For example, when looking in the mirror you may smile and have a more comfortable, relaxed smile but in front of a camera, your smile may turn more nervous-looking which can tighten up your facial muscles causing a smile that is not your best.
Is a Mirror More Accurate Than a Picture?
Overall, one can say that a mirror is more accurate than a picture in terms of facial feature accuracy.
But to fully understand this answer, it’s important to define “accurate” in this case.
A mirror reflects the object in front of it and reverses it, so it is inaccurate in the sense of direction. For example, in the mirror, if you part your hair to your “right” then people will actually see your hair parted to the “left.”
A camera may capture the sense of direction more accurately, but it can distort certain features of your face due to distortion as mentioned earlier.
When using a camera, with all the new technology and lenses out there of varying focal lengths, your face can look different due to angles, lenses, camera quality, etc.
All in all, you could say that a mirror creates an accurate image in terms of what you see on your face when you look at yourself, while a camera creates an accurate image in terms of your facial direction.
Is How You Look in Pictures Really How You Look?
How you look in pictures is really how you look, to a certain extent.
As mentioned in the previous section, in pictures, since the image of yourself is not reflected like in mirrors, the direction of your facial features and body is really how you look.
The first time someone sees themselves in a photo, and since a photo is not reflected like in a mirror, they can be shocked.
For example, some people part their hair a certain way or have a certain angle or tilt in their smile that they get used to seeing in a mirror. When they see themselves smiling or view their facial features in a picture, everything looks completely different from how it looks in the mirror because it is no longer reflected.
X Ways to Stop Looking Bad in Pictures
Now that we’ve discussed why you may feel like you look “ugly” in pictures, let’s discuss some general tips that everyone should know to look their best in photos.
These are the tips I like to also tell my clients when I am photographing them:
1. Know Your Favorite Angles
The first tip I always recommend is to know your favorite angles.
This means knowing which side of your face you think is “better.” Most people have a side of their face that they believe looks better which could just be due to personal preference or because they have certain blemishes or marks on one side of their face that they don’t like to highlight.
For example, if I have to do a side profile photo then I prefer if the photo is on the left side of my face to avoid old acne marks I have on the right side of my face. If I have to do a straight-on photo then I prefer to tilt my chin slightly down.
If you’re going to have your photo taken, I recommend taking the time to analyze your facial features by using your camera in selfie mode with the “mirroring” off so you can see how your face will look in a picture.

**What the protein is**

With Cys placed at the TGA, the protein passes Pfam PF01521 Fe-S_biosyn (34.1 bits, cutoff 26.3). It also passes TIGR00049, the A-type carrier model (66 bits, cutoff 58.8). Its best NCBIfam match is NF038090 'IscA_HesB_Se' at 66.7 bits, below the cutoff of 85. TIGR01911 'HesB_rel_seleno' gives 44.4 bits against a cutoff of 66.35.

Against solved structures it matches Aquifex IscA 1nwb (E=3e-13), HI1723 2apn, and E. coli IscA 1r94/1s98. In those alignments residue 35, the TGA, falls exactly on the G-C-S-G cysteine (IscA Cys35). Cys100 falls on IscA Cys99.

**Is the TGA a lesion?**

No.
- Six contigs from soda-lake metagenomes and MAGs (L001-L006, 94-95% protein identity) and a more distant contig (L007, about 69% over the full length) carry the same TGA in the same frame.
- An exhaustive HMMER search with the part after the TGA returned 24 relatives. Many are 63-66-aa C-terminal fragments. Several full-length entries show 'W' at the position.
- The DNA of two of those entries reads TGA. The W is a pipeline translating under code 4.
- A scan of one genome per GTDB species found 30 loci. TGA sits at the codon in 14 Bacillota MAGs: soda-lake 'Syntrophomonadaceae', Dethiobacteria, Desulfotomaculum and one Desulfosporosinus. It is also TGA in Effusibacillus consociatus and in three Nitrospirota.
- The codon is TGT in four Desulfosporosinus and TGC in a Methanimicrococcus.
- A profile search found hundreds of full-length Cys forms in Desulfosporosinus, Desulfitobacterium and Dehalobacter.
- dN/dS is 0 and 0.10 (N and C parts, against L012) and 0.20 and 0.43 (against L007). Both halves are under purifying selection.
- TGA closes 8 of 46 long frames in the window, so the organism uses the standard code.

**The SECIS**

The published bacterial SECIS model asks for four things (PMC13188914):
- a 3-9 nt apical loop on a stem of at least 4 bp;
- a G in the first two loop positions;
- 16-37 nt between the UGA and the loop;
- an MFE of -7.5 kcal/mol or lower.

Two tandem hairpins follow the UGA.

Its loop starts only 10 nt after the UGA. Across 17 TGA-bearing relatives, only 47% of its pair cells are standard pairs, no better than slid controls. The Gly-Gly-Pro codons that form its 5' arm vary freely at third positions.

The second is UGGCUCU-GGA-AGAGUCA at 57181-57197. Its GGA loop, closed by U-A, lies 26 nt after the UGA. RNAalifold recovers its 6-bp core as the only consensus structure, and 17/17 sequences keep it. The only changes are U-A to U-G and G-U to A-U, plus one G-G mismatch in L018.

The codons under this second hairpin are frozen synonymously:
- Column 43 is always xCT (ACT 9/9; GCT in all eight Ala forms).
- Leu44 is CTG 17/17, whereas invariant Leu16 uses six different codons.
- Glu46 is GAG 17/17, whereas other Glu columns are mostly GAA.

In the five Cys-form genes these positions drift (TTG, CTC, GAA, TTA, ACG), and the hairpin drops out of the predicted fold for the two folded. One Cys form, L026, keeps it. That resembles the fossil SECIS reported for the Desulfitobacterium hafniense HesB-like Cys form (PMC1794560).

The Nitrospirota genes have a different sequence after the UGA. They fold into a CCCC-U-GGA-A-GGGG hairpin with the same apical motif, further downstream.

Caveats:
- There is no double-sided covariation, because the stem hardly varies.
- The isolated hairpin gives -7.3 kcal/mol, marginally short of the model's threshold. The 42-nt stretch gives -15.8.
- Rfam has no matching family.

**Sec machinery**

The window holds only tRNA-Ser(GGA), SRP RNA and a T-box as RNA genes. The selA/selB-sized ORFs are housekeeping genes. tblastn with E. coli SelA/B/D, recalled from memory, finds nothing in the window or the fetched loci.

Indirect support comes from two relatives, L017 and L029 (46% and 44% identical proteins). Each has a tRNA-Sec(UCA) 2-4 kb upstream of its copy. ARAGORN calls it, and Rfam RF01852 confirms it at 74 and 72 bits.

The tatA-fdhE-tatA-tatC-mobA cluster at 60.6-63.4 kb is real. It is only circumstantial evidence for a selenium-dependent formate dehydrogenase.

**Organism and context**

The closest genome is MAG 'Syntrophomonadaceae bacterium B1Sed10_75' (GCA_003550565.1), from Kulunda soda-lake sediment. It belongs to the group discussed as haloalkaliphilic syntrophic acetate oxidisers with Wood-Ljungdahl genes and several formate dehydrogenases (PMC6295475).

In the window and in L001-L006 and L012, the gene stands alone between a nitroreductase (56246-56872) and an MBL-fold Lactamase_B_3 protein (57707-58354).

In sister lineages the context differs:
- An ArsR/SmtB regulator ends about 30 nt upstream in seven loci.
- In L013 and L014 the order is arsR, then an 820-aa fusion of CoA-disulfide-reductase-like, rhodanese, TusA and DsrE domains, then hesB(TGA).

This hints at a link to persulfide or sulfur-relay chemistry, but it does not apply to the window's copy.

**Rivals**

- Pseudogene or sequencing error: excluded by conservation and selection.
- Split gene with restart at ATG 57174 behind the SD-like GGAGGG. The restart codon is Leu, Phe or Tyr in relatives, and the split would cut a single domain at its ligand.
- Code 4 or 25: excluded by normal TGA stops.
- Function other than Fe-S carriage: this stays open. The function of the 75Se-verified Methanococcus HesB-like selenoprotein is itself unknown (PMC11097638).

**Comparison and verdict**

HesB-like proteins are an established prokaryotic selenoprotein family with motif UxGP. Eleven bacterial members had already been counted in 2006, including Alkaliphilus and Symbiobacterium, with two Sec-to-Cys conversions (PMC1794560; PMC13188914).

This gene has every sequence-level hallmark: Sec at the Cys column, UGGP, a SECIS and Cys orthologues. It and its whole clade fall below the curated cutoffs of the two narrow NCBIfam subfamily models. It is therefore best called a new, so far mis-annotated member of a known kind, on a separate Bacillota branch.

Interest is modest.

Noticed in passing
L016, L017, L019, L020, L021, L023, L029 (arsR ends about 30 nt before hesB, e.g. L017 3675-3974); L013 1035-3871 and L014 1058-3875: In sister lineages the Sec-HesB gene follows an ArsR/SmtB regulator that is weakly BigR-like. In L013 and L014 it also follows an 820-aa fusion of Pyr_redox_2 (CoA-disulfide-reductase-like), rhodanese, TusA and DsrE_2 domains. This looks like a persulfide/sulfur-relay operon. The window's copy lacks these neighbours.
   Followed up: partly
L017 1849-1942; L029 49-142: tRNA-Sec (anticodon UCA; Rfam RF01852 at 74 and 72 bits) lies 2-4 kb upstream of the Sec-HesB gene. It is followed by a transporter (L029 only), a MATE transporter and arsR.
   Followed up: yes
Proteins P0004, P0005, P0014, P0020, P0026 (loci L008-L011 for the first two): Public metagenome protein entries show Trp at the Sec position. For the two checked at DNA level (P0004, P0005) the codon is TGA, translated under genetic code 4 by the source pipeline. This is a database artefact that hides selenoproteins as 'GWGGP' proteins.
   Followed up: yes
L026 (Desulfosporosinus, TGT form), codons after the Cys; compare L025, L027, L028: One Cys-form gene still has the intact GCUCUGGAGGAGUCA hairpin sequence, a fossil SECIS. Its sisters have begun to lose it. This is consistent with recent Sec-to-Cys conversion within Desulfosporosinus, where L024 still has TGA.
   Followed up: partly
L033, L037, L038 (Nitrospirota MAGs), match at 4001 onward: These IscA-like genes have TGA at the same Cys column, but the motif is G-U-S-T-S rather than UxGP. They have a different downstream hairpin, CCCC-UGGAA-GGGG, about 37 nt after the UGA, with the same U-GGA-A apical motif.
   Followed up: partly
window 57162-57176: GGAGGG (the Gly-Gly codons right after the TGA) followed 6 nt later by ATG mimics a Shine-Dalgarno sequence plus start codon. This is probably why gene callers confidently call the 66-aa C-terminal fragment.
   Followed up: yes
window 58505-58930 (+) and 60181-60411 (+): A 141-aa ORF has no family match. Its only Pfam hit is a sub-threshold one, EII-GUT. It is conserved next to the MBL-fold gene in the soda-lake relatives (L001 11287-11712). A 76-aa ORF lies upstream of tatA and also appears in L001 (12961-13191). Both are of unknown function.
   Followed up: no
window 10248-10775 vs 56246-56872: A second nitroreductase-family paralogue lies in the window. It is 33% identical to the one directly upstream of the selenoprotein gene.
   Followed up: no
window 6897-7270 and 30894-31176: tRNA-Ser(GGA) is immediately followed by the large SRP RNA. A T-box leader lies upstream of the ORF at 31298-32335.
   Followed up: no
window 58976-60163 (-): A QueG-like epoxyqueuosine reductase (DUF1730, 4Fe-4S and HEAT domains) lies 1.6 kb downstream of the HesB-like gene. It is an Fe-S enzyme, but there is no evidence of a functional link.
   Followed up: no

Tilt your face at all angles and practice your smile in these varying angles to see the different facial combinations, you’ll notice you favor certain angles over others.
2. Avoid Harsh Lighting
The second tip is to avoid harsh lighting.
Harsh lighting, in technical terms, is when the highlights and blacks within the image are “spaced out” and the contrast is very harsh meaning the line between the light and shadow is very distinct.
You can often find this type of harsh lighting when the sun is very high in the sky and usually occurs around midday.
This is often why most photoshoots are not scheduled around midday when the sun is harsh unless you photograph in the shade.
3. Avoid Overhead Lighting
The third tip is to avoid overhead lighting. This tip ties in with the previous one, however, mainly refers to indoor lighting now.
Overhead lighting in indoor settings without the use of other lights such as a fill light, key light, or backlight, can create harsh shadows on your face and bring attention to any spot, mark, or blemish you have on your face.
With that being said, avoid any overhead lights that are directly on top of your face unless there is another lighting in the scene as well.
4. Opt for Soft Light
The fourth tip is to opt for soft light.
Soft light is the opposite of harsh light. Soft light is a nice, soft, diffused light — hence the name.
You’ll often find soft light either from ambient light fixtures, lighting coming in from windows, or when photographing outside during either Blue Hour or Golden Hour time windows. In case you aren’t familiar with those terms, Blue Hour occurs early morning just before the sun rises or after the sun sets and Golden Hour occurs right after the sun rises and just before the sun sets.
Soft light will create a nice, warm light that will provide a smooth illumination on your face that is very flattering.
5. Have the Light in Front of You
The fifth tip is to have the light in front of you.
If you are photographing and the sun is angled (not directly overhead), then choose to photograph where the light is in front of you and not behind you.
Photographing with the light in front of you will illuminate your face and if the light is behind you, the camera will have trouble exposing your face so you may end up looking “washed out.”